Your Move: Changing Jobs in Biopharma Alliance Management
Updated: Friday, September 27, 2019
A perennial topic of interest in the ASAP biopharma community—and alliance management in general—revolves around plotting one’s career path and changing jobs, whether that means moving to a new company or shifting to a new job in one’s current organization. And who better to learn from on this subject than three senior alliance leaders who’ve all made significant job changes?
Such was the setup for a session at the just-concluded ASAP BioPharma Conference 2019, held Sept. 23–25 in Boston. Titled “Alliance Management: What’s Your Next Move?,” the session was led by Steve Twait, CSAP, vice president of alliance and integration management at AstraZeneca, and copresenters Karen Denton, CA-AM, head of alliance management at Experion, and Nancy Griffin, CA-AM, vice president of alliance management at Vertex Pharmaceuticals.
Twait spent 26 years at Eli Lilly, then left the Indianapolis pharma company for UK-based AstraZeneca, where he has spent the last five years. Griffin described herself as a “serial alliance manager,” with stints at Bayer and Novartis before taking a new job five months ago at Vertex. Denton’s experience, meanwhile, was primarily in commercialization and marketing. She wanted to get into business development but instead became an alliance manager at Bayer—due to Griffin’s influence at the time—before eventually heading to Experion.
A large pharma company may offer many opportunities to grow an alliance management career, said Twait. The centralized alliance management function at Lilly meant that Twait was able to move relatively seamlessly into different areas and roles. A smaller company may not provide that chance, but wearing many hats there may present other types of enriching experience.
Griffin noted that personal and family concerns often weigh as heavily as professional considerations—if not more so—and can affect the timing of any move when children are young and in school, for example. If there’s a merger or acquisition involving your company, she added, it can take some of the control away when you’re trying to forge your own destiny. Determining when you can afford to take the risk and try something new is key.
Denton agreed with Twait that “boredom is never associated with alliance management,” and that the field creates many opportunities for both professional and personal growth. Twait added that just making the leap from Indianapolis to Cambridge, England, was important for his own growth as an individual. Denton said that in her own career move she essentially decided to “set fire to the cockpit and go.”
The copresenters presented a structure for thinking about making your next job change that consisted of three categories: “Know Before You Go,” “Early Learnings,” and “Begin the Build.” Among the things to find out when plotting a job move, they said, are:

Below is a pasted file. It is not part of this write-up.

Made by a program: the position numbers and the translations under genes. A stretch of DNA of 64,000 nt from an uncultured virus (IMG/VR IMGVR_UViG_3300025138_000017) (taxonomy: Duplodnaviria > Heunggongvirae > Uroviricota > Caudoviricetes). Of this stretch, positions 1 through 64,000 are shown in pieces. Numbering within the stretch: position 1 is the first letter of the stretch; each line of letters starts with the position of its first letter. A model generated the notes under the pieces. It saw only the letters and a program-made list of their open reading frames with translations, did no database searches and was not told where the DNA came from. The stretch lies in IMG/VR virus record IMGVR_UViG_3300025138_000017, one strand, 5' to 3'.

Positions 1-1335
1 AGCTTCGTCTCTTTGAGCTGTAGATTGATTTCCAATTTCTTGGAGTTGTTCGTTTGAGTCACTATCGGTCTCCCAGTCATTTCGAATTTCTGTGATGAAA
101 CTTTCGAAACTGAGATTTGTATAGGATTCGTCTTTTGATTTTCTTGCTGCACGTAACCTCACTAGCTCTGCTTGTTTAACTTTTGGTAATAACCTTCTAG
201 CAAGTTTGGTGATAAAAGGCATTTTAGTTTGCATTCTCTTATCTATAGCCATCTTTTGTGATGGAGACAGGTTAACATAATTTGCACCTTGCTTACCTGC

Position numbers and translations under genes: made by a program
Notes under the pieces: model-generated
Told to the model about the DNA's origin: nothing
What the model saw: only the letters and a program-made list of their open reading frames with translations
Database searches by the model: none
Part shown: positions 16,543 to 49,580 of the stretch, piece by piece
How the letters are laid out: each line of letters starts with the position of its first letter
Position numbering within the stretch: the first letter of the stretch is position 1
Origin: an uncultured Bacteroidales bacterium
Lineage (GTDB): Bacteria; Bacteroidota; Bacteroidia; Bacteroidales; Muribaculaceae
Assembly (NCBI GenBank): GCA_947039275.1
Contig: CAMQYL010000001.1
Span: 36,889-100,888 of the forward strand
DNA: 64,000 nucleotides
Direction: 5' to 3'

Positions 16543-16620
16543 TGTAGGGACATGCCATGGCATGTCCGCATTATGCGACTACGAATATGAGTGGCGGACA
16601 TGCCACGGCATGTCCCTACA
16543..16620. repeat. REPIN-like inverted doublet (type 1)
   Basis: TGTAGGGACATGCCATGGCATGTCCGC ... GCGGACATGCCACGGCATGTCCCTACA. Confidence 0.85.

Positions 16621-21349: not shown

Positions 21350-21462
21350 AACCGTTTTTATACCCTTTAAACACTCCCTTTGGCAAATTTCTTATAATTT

- Why did this company go outside the organization to make the hire?
- What is the prospective company’s business development strategy?
- How can you add value in that strategy?
Among the “Early Learnings,” the trio cited these questions to ponder:
- Who are the key stakeholders and who are your best sources of information?
- How can you get some quick early wins and what are the pressure points in the new organization?
- Select the right diagnostic: How will you get the information you need to begin to build?
- How can you establish your value—and credibility—early on?
Within the first hundred days at a new company, the three presenters recommended taking the following steps internally:
- Find out who are the “friends and family” of alliance management
- Get 20 people and 20 processes described as soon as possible
- Hold one-on-one meetings with key stakeholders
- Begin ongoing mentoring efforts
- Shadow department projects
Externally, they had additional recommendations:
- Make contact with your alliance management counterparts at the partner
- Going through one to two cycles of governance should help with the learning curve
- Collect performance data on the alliance
- Do an informal alliance health check with your alliance management counterpart
Twait described these steps in total as “like an onboarding tool—it’s your own onboarding plan.” Another big question: Where are the key risks in your new company’s alliances in the next 30 days? They can appear in any number of areas:
- Communication—especially with “unique personalities” who require special handling
- Where the money is going, with any attendant budget constraints
- IP issues
- Public disclosure issues
- Presence or lack of processes
- History of conflict within or around the alliance
Given that all job changes can be challenging, and that learning a new company from a cross-functional area such as alliance management can be hard, audience members in the session had some other pieces of good advice for those making alliance career moves. These included:
- Ask good questions and don’t be afraid to sound “dumb”—the new company may use different language from your old one
- Communication is key—face-to-face conversations and “hallway meetings” can help a lot, especially in a small company
- Understand the essentials of the alliances you’ve taken on—get a summary of the key aspects of the contract in each alliance you’re responsible for
- The alliance management role may be poorly understood at your new company and not have a true mandate—so you’ll have to earn your credibility
- The new company may expect miracles—so manage expectations, then deliver
- The new company wants to reap the benefits of your expertise and to hear your war stories—but don’t compare the new and old companies
What’s your next move? Whether it’s to a new company or even a new country, or just into a new role in your current organization, there’s a lot to think about and a lot to do as you bring your own experience and alliance know-how into a new situation with fresh challenges.